Compare any two graphics cards:
GeForce GTX 560 Ti vs GeForce GTX 660 Ti
IntroThe GeForce GTX 560 Ti has a core clock speed of 822 MHz and a GDDR5 memory frequency of 1002 MHz. It also makes use of a 256-bit bus, and makes use of a 40 nm design. It is made up of 384 SPUs, 64 TAUs, and 32 ROPs.
Compare all of that to the GeForce GTX 660 Ti, which comes with clock speeds of 915 MHz on the GPU, and 1500 MHz on the 2048 MB of GDDR5 memory. It features 1344 SPUs as well as 112 Texture Address Units and 24 ROPs.
Power Usage and Theoretical Benchmarks
Power Consumption (Max TDP)
In theory, the GeForce GTX 660 Ti should perform a bit faster than the GeForce GTX 560 Ti overall. (explain)
Texel RateThe GeForce GTX 660 Ti is a lot (approximately 95%) better at AF than the GeForce GTX 560 Ti. (explain)
Pixel RateThe GeForce GTX 560 Ti is a bit (about 20%) more effective at AA than the GeForce GTX 660 Ti, and also capable of handling higher screen resolutions more effectively. (explain)
Please note that the above 'benchmarks' are all just theoretical - the results were calculated based on the card's specifications, and real-world performance may (and probably will) vary at least a bit.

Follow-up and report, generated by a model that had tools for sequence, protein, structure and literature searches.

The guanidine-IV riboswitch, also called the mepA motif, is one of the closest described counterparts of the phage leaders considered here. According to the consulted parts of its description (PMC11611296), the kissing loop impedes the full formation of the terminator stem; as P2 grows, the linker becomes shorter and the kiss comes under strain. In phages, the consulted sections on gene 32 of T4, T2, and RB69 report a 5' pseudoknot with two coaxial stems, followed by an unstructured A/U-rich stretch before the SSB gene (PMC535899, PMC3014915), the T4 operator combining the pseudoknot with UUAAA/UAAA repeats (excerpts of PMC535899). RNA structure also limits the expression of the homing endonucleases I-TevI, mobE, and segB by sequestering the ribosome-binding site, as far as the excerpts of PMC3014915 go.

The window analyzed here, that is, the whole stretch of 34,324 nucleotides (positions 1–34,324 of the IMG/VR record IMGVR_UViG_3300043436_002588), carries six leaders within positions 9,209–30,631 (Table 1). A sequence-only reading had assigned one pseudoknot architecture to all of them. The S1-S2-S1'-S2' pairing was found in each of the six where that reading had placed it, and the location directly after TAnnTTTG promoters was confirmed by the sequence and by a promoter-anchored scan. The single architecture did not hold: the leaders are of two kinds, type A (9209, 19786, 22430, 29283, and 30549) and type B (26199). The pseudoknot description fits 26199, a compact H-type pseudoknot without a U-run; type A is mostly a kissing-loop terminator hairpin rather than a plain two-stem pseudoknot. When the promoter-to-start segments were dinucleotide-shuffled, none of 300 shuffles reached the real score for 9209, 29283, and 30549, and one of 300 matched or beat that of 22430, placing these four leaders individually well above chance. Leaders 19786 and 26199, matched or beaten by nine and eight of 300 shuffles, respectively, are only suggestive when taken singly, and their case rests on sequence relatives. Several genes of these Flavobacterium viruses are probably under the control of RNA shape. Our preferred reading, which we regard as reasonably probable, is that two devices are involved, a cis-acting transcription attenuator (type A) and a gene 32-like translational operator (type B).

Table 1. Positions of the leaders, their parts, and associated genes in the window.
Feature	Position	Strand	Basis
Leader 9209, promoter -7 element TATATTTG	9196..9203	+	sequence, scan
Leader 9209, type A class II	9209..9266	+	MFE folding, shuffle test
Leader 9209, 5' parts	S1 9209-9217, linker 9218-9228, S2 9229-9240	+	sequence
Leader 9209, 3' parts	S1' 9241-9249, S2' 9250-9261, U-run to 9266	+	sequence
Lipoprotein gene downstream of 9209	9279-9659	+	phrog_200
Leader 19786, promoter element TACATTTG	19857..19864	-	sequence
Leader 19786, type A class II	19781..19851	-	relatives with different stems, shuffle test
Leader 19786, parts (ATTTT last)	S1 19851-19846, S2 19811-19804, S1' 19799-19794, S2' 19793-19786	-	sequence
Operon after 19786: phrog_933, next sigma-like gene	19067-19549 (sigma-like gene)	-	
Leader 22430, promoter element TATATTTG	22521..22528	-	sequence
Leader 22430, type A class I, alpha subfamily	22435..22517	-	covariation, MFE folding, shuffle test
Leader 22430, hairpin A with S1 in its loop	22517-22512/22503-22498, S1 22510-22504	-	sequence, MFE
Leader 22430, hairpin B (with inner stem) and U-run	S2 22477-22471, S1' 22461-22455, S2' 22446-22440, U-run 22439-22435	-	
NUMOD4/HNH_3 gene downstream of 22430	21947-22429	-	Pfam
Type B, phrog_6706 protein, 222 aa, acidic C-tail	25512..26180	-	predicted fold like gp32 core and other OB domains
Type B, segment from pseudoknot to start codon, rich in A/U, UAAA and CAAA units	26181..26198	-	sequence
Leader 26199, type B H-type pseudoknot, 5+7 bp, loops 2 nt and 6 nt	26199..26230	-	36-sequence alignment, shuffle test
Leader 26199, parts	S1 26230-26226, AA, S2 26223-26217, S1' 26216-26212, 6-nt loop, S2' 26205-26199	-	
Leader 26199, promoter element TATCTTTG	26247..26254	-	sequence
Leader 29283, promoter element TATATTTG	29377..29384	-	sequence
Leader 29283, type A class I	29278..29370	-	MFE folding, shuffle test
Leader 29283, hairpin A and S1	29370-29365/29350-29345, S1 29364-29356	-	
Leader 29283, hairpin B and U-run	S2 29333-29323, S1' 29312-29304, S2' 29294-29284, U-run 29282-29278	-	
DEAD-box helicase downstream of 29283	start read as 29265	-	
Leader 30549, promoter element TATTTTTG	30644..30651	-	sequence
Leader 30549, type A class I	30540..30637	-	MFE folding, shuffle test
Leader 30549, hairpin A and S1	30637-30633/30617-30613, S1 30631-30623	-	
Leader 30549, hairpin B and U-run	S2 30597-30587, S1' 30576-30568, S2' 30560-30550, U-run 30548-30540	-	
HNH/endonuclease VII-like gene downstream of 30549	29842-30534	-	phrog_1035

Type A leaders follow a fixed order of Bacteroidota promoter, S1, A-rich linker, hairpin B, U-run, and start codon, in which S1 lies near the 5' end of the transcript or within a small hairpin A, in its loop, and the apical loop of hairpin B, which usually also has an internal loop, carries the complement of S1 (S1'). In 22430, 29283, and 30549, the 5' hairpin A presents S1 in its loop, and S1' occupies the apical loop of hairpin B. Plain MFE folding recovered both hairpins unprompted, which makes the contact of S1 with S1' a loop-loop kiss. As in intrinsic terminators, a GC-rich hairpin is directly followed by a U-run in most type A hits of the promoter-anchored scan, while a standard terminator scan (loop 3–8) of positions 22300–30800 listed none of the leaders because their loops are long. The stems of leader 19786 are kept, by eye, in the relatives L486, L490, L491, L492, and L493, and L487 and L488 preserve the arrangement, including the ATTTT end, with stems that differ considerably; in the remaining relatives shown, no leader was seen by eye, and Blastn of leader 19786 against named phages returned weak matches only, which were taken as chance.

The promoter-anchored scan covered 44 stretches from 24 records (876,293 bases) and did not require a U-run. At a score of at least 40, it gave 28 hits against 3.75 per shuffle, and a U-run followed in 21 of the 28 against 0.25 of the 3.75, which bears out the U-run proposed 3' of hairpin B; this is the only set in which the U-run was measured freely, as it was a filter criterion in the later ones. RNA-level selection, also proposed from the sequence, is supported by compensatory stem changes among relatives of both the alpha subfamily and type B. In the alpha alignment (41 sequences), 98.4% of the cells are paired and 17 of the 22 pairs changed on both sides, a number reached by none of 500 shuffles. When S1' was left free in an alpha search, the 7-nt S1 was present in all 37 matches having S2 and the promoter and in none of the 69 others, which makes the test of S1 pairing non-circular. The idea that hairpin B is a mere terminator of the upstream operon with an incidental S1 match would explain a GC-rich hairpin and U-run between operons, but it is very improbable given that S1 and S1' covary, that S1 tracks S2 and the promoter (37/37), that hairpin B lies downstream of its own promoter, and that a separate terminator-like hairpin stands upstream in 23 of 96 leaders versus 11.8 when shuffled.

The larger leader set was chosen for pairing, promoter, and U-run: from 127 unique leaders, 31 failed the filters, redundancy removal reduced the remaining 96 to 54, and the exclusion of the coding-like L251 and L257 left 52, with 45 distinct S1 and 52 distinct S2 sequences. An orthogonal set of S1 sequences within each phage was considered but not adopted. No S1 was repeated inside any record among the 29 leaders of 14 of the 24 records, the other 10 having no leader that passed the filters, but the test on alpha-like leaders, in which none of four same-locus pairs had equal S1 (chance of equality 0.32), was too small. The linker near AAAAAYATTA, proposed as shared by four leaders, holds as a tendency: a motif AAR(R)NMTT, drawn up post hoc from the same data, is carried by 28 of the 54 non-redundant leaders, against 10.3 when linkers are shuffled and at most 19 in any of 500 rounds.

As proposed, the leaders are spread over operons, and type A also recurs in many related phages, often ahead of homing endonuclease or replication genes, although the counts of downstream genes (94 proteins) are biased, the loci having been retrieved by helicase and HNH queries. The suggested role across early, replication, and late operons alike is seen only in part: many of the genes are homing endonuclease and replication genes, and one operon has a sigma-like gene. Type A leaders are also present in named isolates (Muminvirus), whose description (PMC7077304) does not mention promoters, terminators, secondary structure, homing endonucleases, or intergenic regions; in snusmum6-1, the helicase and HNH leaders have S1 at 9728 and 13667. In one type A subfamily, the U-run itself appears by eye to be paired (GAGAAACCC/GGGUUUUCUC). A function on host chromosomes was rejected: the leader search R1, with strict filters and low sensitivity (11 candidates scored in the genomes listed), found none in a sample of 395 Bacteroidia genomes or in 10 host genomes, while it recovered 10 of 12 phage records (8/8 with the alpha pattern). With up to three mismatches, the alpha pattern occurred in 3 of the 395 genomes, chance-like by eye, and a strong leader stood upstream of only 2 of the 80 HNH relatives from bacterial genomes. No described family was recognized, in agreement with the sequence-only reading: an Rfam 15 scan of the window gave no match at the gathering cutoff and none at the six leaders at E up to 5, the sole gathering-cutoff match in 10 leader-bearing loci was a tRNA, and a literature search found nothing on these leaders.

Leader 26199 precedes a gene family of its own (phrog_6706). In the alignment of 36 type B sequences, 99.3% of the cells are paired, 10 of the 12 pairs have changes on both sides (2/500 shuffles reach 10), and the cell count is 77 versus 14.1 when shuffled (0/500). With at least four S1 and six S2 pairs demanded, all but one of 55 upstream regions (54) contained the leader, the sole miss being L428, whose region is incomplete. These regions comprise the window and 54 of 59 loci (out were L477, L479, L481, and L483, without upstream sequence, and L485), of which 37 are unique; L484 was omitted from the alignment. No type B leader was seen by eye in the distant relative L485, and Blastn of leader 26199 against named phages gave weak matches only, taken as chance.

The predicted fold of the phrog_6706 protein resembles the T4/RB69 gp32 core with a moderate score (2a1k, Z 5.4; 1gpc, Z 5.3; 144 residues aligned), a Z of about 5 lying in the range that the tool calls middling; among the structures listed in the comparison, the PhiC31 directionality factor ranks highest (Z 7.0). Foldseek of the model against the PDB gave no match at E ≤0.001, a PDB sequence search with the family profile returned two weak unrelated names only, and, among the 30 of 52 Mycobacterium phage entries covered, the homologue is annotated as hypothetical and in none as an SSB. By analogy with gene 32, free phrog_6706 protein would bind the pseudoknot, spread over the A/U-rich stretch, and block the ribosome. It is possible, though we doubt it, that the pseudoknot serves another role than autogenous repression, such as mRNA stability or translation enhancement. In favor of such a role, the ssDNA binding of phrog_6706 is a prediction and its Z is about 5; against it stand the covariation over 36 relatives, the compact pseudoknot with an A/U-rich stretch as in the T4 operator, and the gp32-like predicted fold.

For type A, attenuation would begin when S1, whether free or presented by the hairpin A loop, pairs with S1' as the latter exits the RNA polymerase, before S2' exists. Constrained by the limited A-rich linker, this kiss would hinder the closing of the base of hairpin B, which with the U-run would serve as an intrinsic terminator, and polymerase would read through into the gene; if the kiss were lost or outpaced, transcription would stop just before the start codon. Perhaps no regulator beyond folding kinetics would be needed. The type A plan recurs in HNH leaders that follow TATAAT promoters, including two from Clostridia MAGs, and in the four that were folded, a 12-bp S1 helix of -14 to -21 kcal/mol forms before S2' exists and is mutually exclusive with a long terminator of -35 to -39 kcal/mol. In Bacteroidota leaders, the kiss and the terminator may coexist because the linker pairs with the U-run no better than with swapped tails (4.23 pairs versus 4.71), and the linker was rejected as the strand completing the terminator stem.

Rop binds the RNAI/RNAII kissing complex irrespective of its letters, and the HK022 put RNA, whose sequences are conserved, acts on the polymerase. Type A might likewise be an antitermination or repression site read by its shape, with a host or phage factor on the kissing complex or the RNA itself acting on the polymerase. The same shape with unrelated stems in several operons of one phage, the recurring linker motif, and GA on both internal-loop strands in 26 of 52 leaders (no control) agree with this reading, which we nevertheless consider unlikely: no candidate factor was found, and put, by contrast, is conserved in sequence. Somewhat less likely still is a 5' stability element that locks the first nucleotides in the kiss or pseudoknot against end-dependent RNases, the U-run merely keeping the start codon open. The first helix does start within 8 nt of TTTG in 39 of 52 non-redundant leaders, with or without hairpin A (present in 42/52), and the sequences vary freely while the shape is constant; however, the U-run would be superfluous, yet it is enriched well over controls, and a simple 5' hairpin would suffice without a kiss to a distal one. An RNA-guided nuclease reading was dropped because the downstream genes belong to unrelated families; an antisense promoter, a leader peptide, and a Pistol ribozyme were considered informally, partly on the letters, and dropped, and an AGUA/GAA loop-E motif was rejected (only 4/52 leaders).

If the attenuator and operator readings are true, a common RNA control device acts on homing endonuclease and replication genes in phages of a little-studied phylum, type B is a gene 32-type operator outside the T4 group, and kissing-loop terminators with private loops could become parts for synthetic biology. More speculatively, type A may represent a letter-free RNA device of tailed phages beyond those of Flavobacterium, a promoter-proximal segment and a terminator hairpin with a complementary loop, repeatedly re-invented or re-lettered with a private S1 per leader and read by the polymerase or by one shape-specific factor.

Please note that the price comparisons are based on search keywords - sometimes it might show cards with very similar names that are not exactly the same as the one chosen in the comparison. We do try to filter out the wrong results as best we can, though.
Memory Bandwidth: Bandwidth is the largest amount of information (in units of megabytes per second) that can be transferred across the external memory interface in one second. It is worked out by multiplying the interface width by its memory clock speed. If it uses DDR memory, it should be multiplied by 2 once again. If DDR5, multiply by 4 instead. The higher the memory bandwidth, the better the card will be in general. It especially helps with anti-aliasing, HDR and higher screen resolutions.
Texel Rate: Texel rate is the maximum amount of texture map elements (texels) that are processed in one second. This number is calculated by multiplying the total texture units of the card by the core speed of the chip. The better the texel rate, the better the video card will be at texture filtering (anisotropic filtering - AF). It is measured in millions of texels processed per second.
Pixel Rate: Pixel rate is the maximum number of pixels that the graphics card could possibly record to the local memory in a second - measured in millions of pixels per second. The number is worked out by multiplying the amount of Raster Operations Pipelines by the the card's clock speed. ROPs (Raster Operations Pipelines - also called Render Output Units) are responsible for outputting the pixels (image) to the screen. The actual pixel fill rate also depends on quite a few other factors, most notably the memory bandwidth of the card - the lower the memory bandwidth is, the lower the ability to get to the max fill rate.